Seven ways to drink alcohol “correctly” have been named: to minimize harm to the intestines

Seven ways to drink alcohol “correctly” have been named: to minimize harm to the intestines



As we approach the corporate holiday season, it's worth remembering that drinking too much alcoholic beverages can not only cause a hangover, but also cause damage to your health (including your intestines). Biochemist Jill Hart shared how to stay healthy and have fun at the same time.

UK health company YorkTest carried out laboratory tests for food sensitivities and allergies. When the balance of good and bad bacteria in the gut is disrupted, it can have a negative impact on all aspects of health.

“Alcohol contributes to significant weight gain due to its high calorie content, it can also reduce our ability to fight infections and increase the risk of developing diseases, food intolerances and sensitivities - all as a result of poor gut health,” said biochemist Dr Jill Hart. .

The scientist shared with Fox News Digital seven ways to drink alcohol to improve your gut health and reduce negative effects.

Most of the immune system—about 70%—is located in the gut, she said. Therefore, the first thing that affects the immune system is:

"Because alcohol can harm healthy bacteria, it's important to take gut-protective measures when you drink to protect your immune system," she notes.

Dr. Hart also recommends taking at least three sober days a week or drinking alcohol only with or after meals to reduce absorption.

"Focusing on consuming foods rich in probiotics and fiber can help restore a healthy gut biome and support your immune system," Hart adds.

Sometimes other ingredients in alcoholic beverages can have negative effects, some of which are not always obvious. "Sodas often contain artificial sweeteners, which tend to be bad for your gut, so try to avoid them," Hart warned.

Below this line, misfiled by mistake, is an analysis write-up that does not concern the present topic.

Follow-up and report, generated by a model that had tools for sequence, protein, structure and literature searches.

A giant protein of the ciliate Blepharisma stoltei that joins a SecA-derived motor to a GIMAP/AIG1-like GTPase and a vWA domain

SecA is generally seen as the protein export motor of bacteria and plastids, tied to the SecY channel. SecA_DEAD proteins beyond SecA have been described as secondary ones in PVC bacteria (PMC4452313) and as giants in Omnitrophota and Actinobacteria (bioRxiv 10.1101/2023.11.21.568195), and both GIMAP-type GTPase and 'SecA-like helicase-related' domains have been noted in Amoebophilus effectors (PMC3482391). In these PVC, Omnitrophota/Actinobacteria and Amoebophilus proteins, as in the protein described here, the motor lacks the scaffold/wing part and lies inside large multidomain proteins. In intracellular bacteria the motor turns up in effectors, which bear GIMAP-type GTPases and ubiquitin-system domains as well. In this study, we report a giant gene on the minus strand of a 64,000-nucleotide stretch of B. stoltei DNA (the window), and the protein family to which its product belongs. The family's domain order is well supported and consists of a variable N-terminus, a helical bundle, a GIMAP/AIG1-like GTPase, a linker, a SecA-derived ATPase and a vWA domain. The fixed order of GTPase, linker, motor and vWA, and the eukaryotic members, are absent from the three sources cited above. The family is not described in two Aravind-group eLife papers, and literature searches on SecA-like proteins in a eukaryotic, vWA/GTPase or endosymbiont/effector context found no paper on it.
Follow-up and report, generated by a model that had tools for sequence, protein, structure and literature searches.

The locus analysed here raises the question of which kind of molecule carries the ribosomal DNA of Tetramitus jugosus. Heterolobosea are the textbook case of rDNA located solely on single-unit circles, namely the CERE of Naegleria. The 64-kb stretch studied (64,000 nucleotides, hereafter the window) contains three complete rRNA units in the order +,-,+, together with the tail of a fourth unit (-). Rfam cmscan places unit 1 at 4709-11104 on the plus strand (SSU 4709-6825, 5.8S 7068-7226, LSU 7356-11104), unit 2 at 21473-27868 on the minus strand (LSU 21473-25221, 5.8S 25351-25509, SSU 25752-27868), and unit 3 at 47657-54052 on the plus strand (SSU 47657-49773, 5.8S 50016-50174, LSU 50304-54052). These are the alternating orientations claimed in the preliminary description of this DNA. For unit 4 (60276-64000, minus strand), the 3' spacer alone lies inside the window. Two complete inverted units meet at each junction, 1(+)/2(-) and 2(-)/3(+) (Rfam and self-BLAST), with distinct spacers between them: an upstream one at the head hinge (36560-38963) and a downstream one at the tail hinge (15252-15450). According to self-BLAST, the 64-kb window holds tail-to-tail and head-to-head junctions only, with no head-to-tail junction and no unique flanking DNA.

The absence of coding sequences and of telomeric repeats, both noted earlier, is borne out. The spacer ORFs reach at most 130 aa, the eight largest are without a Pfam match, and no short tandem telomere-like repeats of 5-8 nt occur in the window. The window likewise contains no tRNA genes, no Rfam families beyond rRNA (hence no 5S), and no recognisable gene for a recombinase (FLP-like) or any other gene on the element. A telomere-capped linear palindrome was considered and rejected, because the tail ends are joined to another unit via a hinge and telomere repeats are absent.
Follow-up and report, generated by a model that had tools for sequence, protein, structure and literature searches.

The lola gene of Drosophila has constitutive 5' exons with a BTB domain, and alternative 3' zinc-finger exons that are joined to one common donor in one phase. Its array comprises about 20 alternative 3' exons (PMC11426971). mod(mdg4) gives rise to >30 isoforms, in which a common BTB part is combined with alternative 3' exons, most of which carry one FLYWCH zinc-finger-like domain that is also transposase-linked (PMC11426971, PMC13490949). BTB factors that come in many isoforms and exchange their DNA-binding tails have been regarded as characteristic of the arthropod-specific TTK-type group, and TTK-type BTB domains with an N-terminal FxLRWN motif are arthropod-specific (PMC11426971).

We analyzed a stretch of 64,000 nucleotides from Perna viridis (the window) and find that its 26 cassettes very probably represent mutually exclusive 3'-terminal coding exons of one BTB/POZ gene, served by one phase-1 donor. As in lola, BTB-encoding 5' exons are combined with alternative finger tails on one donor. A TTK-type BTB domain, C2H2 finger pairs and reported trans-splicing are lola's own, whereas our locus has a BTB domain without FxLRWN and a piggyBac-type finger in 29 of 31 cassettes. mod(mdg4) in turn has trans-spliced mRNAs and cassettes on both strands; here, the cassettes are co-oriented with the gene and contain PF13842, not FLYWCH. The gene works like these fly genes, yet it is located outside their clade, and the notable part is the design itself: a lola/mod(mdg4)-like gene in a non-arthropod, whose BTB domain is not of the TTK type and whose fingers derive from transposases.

The only way to reduce your risk of developing diabetes is to reduce or avoid drinking high-sugar alcoholic drinks such as cocktails, liqueurs, cider, fortified wines and sherry.

Imbalances in the gut affect other organs, such as the liver. Research has shown that the most common cause of alcohol-related death in the United States is alcoholic liver disease.

The Centers for Disease Control and Prevention (CDC) estimates that one in eight deaths among U.S. adults ages 20 to 64 is attributed to excessive drinking.

“The best way to reduce the effects of alcohol-related liver disease is to stop drinking alcohol or adhere to recommended dietary guidelines, limiting consumption to two drinks or less per day for men and one drink or less per day for women,” Hart advised.

The biochemist warned that drinking too much alcohol can also suppress the production of digestive enzymes, making it harder for your body to break down, digest and absorb food.

When planning meals during the "heavy drinking season," she suggests focusing on foods that help optimize your gut microbiome—"the 100 trillion bacteria that live in your gut and are critical to your health will thank you."

Foods like yogurt, kefir, kimchi and sauerkraut contain probiotics, which help nourish and protect the gut, Hart added.

Mental health problems are an endemic problem of the 21st century. And Dr Hart comments: "Alcohol is a depressant - it promotes anxiety and increased stress levels, and its negative impact on mental health is far greater than most of us are ever willing to admit."

High levels of stress can depress the digestive system in a similar way to alcohol, she warned, and to help calm the digestive system and support gut health and immunity, it is important to cultivate the "relaxation response."

Hart suggests starting the evening with a zero or low alcohol drink, then alternating alcoholic drinks with water to avoid dehydration and a hangover.

"It's important to stay hydrated when drinking alcohol; drinking more water or soft drinks will not offset the effects of alcohol on your gut," Hart notes.



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